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Int én bec

Int én bec
ro·léic feit
do rind guip
glanbuidi
fo·ceird faíd
ós Loch Laíg
lon do craíb
charnbuidi.

The Blackbird of Belfast Lough

The little bird
lets a whistle go
from the point of a beak,
bright yellow:
throws out a cry
above Loch Laíg,
a blackbird from branch
(a cairn of yellow).

As a special treat, a translation into Modern Irish:

An t-éan beag
a lig fead
de rinn ghoib
ghlanbhuí;
caitheann [sé] faí
os Loch Laoi
lon de chraobh
charnbhuí.

-Nollag Ó Muiríle (2007)

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Acher in Gaíth

Is acher in gaíth innocht,
fu·fúasna fairggae findḟolt:
ni·ágor réimm mora minn
dond láechraid lainn úa Lothlind.

Detail from "The Viking Terror" by Denis Brown

Sharp the Wind

The wind is sharp tonight,
it tosses the white hare of the ocean:
I fear not the coursing of the clear sea
by the fierce warriors from Lothlainn.

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It is difficult to write on the topic of my thesis. The political history of 7thC northern Britain is complicated, with threads of alliances marking the map in my mind’s-eye like one of those webs spiders spin when on hallucinogens. Whenever I try and explain one piece of the puzzle, I find I must explain some half a dozen other items first- but in order to explain those, I must start with the first.

The human mind evolved to eat gazelle and flee lions, not think about things. Sheesh. This post is therefore awfully rough, and kept briefer than I’d like, stripped of my precious footnoes and the bibliography left to squint in the sunlight without any historiography to give the nuance. Questions would be helpful.

It has been some time since I wrote, so as a reminder: my thesis on the raid sent in 684 by Ecgfrith of Northumbria to Ireland- specifically, his soldiers raided the area called Mag Breg, a túath within the territories of the Southern Úi Néill. The month appears to have been June. The leader of the army/raiding party/gang of violent thugs was a chap called Berht whom I have mentioned previously. This raid is fascinating, not least because it is the first such recorded attack on Hibernia prior to Strongbow, but because we don’t know why. Bede just says that it was unprovoked and the Irish never did nothin’ to nobody.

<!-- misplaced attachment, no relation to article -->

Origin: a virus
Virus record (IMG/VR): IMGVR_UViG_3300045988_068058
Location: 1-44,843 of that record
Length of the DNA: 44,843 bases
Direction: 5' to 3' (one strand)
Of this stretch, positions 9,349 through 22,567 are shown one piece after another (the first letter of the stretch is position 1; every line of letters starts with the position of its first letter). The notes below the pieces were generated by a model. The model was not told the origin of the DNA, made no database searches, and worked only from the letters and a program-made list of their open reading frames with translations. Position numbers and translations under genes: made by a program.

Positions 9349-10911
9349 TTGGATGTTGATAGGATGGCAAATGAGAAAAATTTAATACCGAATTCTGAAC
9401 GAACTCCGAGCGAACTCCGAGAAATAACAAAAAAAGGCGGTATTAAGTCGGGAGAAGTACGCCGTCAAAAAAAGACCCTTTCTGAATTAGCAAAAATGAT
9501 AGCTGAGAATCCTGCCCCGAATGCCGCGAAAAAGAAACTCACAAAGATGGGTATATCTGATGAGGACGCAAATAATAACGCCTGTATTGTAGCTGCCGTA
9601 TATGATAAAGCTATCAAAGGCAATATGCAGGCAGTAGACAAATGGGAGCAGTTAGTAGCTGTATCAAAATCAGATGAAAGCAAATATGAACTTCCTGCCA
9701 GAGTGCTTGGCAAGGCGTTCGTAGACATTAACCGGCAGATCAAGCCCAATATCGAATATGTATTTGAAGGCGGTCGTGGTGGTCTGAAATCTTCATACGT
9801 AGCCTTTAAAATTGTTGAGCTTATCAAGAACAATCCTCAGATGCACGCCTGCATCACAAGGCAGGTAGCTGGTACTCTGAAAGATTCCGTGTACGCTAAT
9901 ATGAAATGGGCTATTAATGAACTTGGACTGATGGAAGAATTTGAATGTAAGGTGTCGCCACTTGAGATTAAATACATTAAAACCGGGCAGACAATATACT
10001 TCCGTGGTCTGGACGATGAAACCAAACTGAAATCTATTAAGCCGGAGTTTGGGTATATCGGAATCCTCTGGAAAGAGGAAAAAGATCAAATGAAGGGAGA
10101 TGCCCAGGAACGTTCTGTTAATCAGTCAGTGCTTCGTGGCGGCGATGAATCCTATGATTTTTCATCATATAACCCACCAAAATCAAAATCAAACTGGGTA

A few scholars seem to suspect Ecgfrith’s successor and older half-brother Aldfrith. Certainly he had very close ties with Ireland -son of an Irish princess- and one could, as some have, make an argument that he was plotting against Ecgfrith and so the king sent troops into Ireland to take captives for use as hostages. Certainly the swift movement of Aldfrith from Iona to Northumbria to be crowned, after Ecgfrith’s death in (modern) Scotland is supicious.

The problem with this hypothesis lies in Aldfrith’s supposed connection to the area laid waste by the English swords. Mag Bega lay within the overlordship of the Southern Úi Néill, a group of people who claimed descended from Nial of the Nine Hostages. Aldfrith’s mother’s people, on the other hand, were among the Northern Úi Néill. Specifically, theCenél nEógain.

While in exile amongst the Irish, the father of Ecgfrith and Aldfrith, Oswiu (the famous ‘Synod of Whitby’ Oswiu) fathered a son on a daughter of the Northern Úi Néill king, Colmán Rimíd. The specific evidence for this must be considered very carefully, as the genealogies of royal families are suspect to tampering and this is particularly true when the king in question (i.e., Aldfrith) is famous. The specific genealogy in question reads as follows:

Cōic meic Bāetāin meic Muirchertaich .i. Fergus a quo Clann Fergusa, Forannān a quo Hūi Fairennāin, A[i]lill pater Cind-fāelad, Māel-huma in rīgfēinnid. Colmān Rīmid athair Fīna, māthair īside Flaind Fina meic Ossu regis Saxonum.

[Five sons of Báetán son of Muichertach; that is Fergus from whom [comes] Clann Fhergusa; Forannán from whom [comes] the Uí Fhorannáin; Ailill the father of Cenn Fáelad; Máel Umai rígféinnid. Colmán Rimíd the father of Fína, the mother of Flann Fína son of Ossu king of the Saxons.]1

Flann Fína is the Irish name for Aldfrith, and the two are specifically conflated in his obit in the Annals of Tigernach:

Altfrith mac Ossa .i. Fland Fína la Gaedhelu, echnaid, rex Saxonum.